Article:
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The Washington times. [volume] (Washington [D.C.]) 1902-1939, October 05, 1918, FINAL EDITION, Image 1

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The Times will print each day one of the thousands i,f Liberty Loan Slogans submitted by its readers. Today's is by L. Flaherty, 2028 Nichols Ave. S. E.
Write Your Speech.
What's the Money For?
Monkeys andModern War.
Elephant and Tank Pits.
One million eight hundred thou
sand American soldiers ar in
Prance fighting or ready to fight.
Millions more are preparing,
and will go.
Six billion dollars more trill lie
poured into the pocket of Undo
Sam within the next few days.
The man has little respect for
himself who does not make soma
investment in that six billion bond
Issue, the safest Investment ever
made, and the best investment ever
Does anybody astt what th conn
try has to show for the money
spent already?
Bulgaria Is out. Austria tried to
get out, but the President wouldn't
let her. She is trying the wrong
In ten weeks two hundred and
flfty-four thousand German prison
ers have been taken, including
more than five thousand officers.
American soldiers have shows
Prussia, Austrja, Bulgaria, and
Turkey and incidentally the
whole world what It means when
the United States goes to war.
Merely as advertising, the total
amount, of money spent on this
war has been one of the best in
vestments ever made.
We have spent a few billions,
less than a year's income of the
United States, and have made the
whole world realize, ALL nations,
ALL Individuals, ALL statesmen
that about the worst thing that
could happen to anybody would be
war with the United States.
Make a four-minute speech in
favor of this Fourth Liberty Loan.
Think it over; write it out care
fully. Read it to your family, re
cite it to your friends. Read it to
YOURSELF then eo and buy
some more bonds. If you can't
write a speech good enough to
make YOU buy more bonds, you
are & poor four-minute speech
writer. Nothing in this war is mere in
teresting than the manner in
which it takes civilization and sci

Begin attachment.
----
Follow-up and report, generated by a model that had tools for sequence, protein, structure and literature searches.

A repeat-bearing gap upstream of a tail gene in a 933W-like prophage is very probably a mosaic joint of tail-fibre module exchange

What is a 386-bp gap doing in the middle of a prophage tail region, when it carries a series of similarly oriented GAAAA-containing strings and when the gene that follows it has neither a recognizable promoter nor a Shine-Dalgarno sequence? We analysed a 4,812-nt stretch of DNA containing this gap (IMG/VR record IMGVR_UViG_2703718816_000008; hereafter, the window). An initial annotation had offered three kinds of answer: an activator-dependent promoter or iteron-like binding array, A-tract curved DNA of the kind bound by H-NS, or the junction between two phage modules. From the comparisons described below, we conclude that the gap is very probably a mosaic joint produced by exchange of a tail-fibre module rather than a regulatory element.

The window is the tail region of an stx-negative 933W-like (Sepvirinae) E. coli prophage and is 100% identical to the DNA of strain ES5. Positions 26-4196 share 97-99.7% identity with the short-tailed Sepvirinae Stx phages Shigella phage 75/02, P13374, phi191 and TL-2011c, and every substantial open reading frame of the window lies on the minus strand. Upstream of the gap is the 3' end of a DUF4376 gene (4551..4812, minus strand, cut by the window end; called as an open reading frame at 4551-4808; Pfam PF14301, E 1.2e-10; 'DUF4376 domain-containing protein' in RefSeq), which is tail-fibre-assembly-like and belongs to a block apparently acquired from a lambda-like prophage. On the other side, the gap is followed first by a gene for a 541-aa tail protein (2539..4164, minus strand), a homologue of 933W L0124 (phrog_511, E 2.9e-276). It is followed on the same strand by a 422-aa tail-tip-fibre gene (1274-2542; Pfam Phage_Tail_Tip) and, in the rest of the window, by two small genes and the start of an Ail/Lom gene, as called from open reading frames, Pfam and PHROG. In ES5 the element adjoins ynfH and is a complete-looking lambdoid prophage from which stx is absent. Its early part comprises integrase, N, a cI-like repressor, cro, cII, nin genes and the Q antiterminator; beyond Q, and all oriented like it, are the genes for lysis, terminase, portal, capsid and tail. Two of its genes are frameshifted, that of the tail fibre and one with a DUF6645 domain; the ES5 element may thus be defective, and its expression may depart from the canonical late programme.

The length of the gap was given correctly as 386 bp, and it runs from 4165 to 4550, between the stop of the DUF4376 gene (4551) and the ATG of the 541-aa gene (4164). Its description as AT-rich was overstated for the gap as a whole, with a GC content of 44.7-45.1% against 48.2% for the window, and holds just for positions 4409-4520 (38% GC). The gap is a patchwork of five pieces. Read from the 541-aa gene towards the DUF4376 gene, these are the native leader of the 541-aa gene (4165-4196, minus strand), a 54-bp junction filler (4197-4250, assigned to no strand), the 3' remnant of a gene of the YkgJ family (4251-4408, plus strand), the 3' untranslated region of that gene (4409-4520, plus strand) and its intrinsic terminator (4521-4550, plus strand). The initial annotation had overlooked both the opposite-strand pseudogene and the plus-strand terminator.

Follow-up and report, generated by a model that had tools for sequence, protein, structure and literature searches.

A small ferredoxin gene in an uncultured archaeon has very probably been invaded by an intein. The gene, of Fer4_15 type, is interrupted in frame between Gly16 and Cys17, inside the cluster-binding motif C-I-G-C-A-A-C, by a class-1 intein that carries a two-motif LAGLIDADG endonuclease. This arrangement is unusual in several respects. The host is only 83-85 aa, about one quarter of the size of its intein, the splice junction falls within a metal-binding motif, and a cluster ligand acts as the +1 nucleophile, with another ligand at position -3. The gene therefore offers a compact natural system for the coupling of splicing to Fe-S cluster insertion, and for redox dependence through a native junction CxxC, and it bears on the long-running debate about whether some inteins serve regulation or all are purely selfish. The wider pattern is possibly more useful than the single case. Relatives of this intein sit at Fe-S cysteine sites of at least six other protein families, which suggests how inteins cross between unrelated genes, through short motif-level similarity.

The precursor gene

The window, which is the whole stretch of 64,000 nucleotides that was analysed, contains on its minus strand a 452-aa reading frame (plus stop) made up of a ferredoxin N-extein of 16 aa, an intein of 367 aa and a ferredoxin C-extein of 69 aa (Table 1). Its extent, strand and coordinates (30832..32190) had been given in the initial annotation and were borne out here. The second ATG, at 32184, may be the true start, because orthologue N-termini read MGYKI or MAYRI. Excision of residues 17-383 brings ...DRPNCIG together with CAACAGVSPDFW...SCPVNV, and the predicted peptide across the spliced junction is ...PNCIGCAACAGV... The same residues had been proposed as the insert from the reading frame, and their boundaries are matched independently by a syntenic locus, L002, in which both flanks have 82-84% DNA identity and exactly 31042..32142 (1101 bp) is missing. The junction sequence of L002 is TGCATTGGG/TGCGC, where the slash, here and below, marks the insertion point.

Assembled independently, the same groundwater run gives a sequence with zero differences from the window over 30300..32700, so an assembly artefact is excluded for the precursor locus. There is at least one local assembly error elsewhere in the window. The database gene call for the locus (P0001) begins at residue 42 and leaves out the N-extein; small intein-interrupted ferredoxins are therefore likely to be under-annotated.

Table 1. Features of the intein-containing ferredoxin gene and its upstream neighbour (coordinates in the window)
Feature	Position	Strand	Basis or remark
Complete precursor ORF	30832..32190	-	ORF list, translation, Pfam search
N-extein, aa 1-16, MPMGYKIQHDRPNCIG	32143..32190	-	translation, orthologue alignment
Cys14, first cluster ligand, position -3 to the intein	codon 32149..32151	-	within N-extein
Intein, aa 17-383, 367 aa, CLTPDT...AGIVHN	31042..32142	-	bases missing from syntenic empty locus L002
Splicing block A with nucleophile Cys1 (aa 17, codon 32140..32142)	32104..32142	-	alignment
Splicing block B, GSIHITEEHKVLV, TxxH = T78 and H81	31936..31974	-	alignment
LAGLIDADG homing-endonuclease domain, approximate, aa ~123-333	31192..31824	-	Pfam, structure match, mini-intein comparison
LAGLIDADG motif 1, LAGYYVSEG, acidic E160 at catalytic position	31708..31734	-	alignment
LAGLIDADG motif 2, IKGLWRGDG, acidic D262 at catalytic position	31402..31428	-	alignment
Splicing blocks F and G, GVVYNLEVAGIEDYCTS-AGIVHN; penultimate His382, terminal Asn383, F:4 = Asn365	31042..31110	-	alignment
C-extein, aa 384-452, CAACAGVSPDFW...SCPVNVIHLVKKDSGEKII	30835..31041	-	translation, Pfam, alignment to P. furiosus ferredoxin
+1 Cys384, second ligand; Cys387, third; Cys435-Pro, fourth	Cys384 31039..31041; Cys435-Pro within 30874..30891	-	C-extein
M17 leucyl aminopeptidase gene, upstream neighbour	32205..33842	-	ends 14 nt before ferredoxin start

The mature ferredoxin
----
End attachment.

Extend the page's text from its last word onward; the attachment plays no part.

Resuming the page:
ence back to savagery and bar
barism. Our American soldiers trained
to baseball throw hand grenades
at the Germans with wonderful
The troglodytes (your ances
tors) men threw rocks and the
monkeys threw cocoanuts a thou
sand centures ago.
Our soldiers dig trenches, lie in
them,.and waifcjfco.Jdll the enemy.
The cavemen lay in "holes wait
ing for the enemy or wild beast to
come. J
The Germans are digging deep
pits, covering them with boards,
putting dirt and sod on top to
make them look natural. The
idea is to have the allies' tanks
come rolling along, drive onto the
deceitful pit covers and fall
That's how savages in Africa
and Asia have been capturing
wild animals for thousands of
Man, fighting, is only.a savage.
And science, fighting, is a savage,
too, and goes back to the savage
Our cannon throwing the es-
Slosive shell is a magnified sling
urling a pebble at the forehead
of the giant.
Our flying men dropping dyna
mite on Prussian cities is, scien
tifically developed, the tree man,
perched on the limb, dropping
his heavy spear shaft pointed with
flint on the backbone of the
animal below.
The submarine is an American
invention. It took war down
under the sea.
The flying machine is czi
AMERICAN invention. Ameri
can genius led the fighters up
into the air.
The tank is an American IN
VENTION. Holt, who invented
the American caterpillar in Cali
fornia, supplied that modernized
antediluvian monster to war.
And the proposition, no peace,
except after complete victory, no
secret treaties, no compromise
with a murderer, is also an Ameri
can invention and Woodrow Wil
son invented it. This country
invented the ways to FIGHT the
war, and the way to END it.
In all things on this earth, hu
man history and human nature
swing back and forth like the
pendulum of a clock. '
A while ago, you read that the
Russian Czar had decided on pro
hibition as the solution of his
problem and the salvation of Rus
sia. He is dead, and so far as
Russia is concerned, prohibition
seems also dead.
You read under the heading,
"Orgy 61 the Red Guards," these
interesting facts. Bolshevikl sol
diers break into the Winter Pal
ace and zo straight to the cel
lars. Soldiers and sailors become
drunk on the stores of nine,
btandy, vodka, and begin killing
each other.
Other soldiers sent to control
them Join In .the drinking, the
murdering, the drunkenness.
Women wander through the
streets, their arms full of bottle,
selling the spirits for a few cents
a bottle.
The expedition Is Ti'vl at last
by the arrival of the fire depart
ment. It Roods the wine cellars
of the Winter Palace and drowns
many drunken soldiers and sail
ors of the great Russian republic
lying helpless on the cellar floor.
Eventually the earth will be
Fair tonight and Son
day. Somewhat warmer.
Temperature at 8 a. m. S3
degree. Normal temper
ature on October 3 for
tbe last thirty rears. 61
-.-r-r-.-. .-r.-r-.-r-. -...
ATI TMkKIT? 1 0 (571
1 AT
NEW YORK, Oct. 5. Ex
plosions, the last one shortly
after noon being the worst to